Taurine 2 pp 333-342 | Cite as


A Taurine-Related Endogenous Substance in the Retina and Its Role in Vision
  • Andranik M. Petrosian
  • Jasmine E. Haroutounian
  • Lida V. Zueva
Part of the Advances in Experimental Medicine and Biology book series (AEMB, volume 403)


Since the first description of taurine in 182735 the range of biological phenomena involving this substance has progressively expanded. Efforts have been made to create a unifying theory for the actions of taurine10, 11, 36. It is believed that “A limited number of basic mechanisms of action may underlie this confusing plethora of biological effects”10. In this respect, the actions of taurine as an osmolyte, its conjugation with bile acids and lipids, and its interactions with Ca2+, phospholipids, and chemoreceptors are of definite interest. Final understanding of the role of taurine in any organ or tissue is related to the elucidation of the relative contribution of these or a few other basic mechanisms in its function. It is necessary to clarify which is the primary action among the multiple actions of taurine in a given organ or tissue. For example, in some marine species the action of taurine as an osmolyte26 seems primary. In liver, probably more central is taurine conjugation with bile acids and lipids, while in the heart taurine-Ca2+ interactions seem primary3, 5, 29, although taurine may also be an osmoregulator in this organ34. To understand the role of taurine in the retina it seems best to consider each cell system separately. Large amounts of taurine (10–40 mM) are characteristic for the retina of all species tested, even for those which have low taurine content in other tissues17, 20, 37. Among the richer layers, photoreceptors are most abundant in taurine, containing 50–80% of the taurine pool of the retina15, 20, 37. High levels of taurine in photoreceptor cells are mainly supported by taurine transport, which is predominantly localized around the photoreceptor cell nuclei14. About a 50% drop of taurine levels in the retina can be obtained either by a taurine-deficient diet in animals with low liver capacity for taurine synthesis9, 12, 31, 33 or by treatment of rats (which can synthesize taurine) with the taurine transport antagonist guanidinoethane sulfonate (GES)13, 25. Retinal depletion of taurine causes serious alterations in the structure. The most severe retinal damage appears in the regions of highest rhodopsin content9, 12, 13, 25, 31, 33. Taurine deficiency causes a noticeable reduction of rhodopsin level in rat photoreceptors13 and causes a drop of amplitude of the a-and b-waves of the electroretinogram (ERG)13, 31.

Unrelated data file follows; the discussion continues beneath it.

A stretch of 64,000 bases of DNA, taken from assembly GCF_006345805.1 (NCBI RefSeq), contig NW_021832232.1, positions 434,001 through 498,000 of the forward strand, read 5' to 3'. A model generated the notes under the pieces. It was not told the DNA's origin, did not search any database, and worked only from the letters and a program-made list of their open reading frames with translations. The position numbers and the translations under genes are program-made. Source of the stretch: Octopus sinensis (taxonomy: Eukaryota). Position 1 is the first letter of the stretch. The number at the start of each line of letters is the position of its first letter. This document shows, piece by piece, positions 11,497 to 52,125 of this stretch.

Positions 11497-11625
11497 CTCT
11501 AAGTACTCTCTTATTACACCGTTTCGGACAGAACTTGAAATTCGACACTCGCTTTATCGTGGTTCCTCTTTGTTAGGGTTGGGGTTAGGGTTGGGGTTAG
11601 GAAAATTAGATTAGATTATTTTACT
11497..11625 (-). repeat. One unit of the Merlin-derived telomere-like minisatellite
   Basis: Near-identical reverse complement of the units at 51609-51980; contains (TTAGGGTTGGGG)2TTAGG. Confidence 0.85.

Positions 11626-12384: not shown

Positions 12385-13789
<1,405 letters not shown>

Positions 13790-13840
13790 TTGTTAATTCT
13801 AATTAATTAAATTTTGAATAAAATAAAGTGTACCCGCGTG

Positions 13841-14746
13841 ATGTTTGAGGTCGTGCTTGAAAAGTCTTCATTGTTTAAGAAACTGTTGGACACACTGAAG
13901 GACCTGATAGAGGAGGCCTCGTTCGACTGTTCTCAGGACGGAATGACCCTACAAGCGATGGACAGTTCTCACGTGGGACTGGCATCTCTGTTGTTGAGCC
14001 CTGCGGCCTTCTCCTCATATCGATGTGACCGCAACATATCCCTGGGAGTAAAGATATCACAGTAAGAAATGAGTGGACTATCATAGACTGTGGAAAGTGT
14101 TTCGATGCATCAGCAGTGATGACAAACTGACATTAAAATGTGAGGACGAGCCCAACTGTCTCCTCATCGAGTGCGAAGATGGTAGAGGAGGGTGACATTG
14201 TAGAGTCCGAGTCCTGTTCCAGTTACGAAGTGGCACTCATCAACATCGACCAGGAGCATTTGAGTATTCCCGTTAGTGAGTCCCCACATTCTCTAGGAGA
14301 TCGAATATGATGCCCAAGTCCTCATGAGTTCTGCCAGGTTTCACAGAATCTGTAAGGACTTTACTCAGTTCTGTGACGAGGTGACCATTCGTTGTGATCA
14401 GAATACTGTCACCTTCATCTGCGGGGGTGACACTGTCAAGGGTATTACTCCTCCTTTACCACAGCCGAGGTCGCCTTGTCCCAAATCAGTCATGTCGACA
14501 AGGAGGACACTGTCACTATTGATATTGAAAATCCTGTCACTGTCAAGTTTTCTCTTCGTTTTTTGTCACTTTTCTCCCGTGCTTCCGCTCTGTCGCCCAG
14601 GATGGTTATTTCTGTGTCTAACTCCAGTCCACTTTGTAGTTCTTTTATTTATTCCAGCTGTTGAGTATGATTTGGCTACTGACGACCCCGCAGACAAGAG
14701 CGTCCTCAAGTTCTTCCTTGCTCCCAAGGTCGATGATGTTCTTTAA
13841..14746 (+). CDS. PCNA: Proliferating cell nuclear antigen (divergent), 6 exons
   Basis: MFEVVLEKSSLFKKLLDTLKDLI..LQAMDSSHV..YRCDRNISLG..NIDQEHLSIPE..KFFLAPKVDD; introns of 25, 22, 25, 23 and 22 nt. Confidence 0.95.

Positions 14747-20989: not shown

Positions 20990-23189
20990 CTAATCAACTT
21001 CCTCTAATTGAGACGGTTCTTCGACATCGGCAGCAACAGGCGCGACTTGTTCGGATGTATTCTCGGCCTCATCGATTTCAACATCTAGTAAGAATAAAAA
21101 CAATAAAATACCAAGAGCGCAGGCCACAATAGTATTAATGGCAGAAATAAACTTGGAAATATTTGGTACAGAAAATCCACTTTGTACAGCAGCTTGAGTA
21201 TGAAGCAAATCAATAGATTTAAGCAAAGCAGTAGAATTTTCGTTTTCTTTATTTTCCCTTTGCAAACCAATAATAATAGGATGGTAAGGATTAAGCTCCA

Pigment Epithelium HPLC Profile Retinol Level Taurine Deficiency Taurine Depletion 
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Copyright information

© Springer Science+Business Media New York 1996

Authors and Affiliations

  • Andranik M. Petrosian
    • 1
  • Jasmine E. Haroutounian
    • 1
  • Lida V. Zueva
    • 2
  1. 1.Institute of Biochemistry of National Academy of Sciences of ArmeniaYerevan 44Armenia
  2. 2.Sechenov Institute of Evolutionary Physiology and Biochemistry of National Academy of Sciences of RussiaSt.PeterbourgRussia

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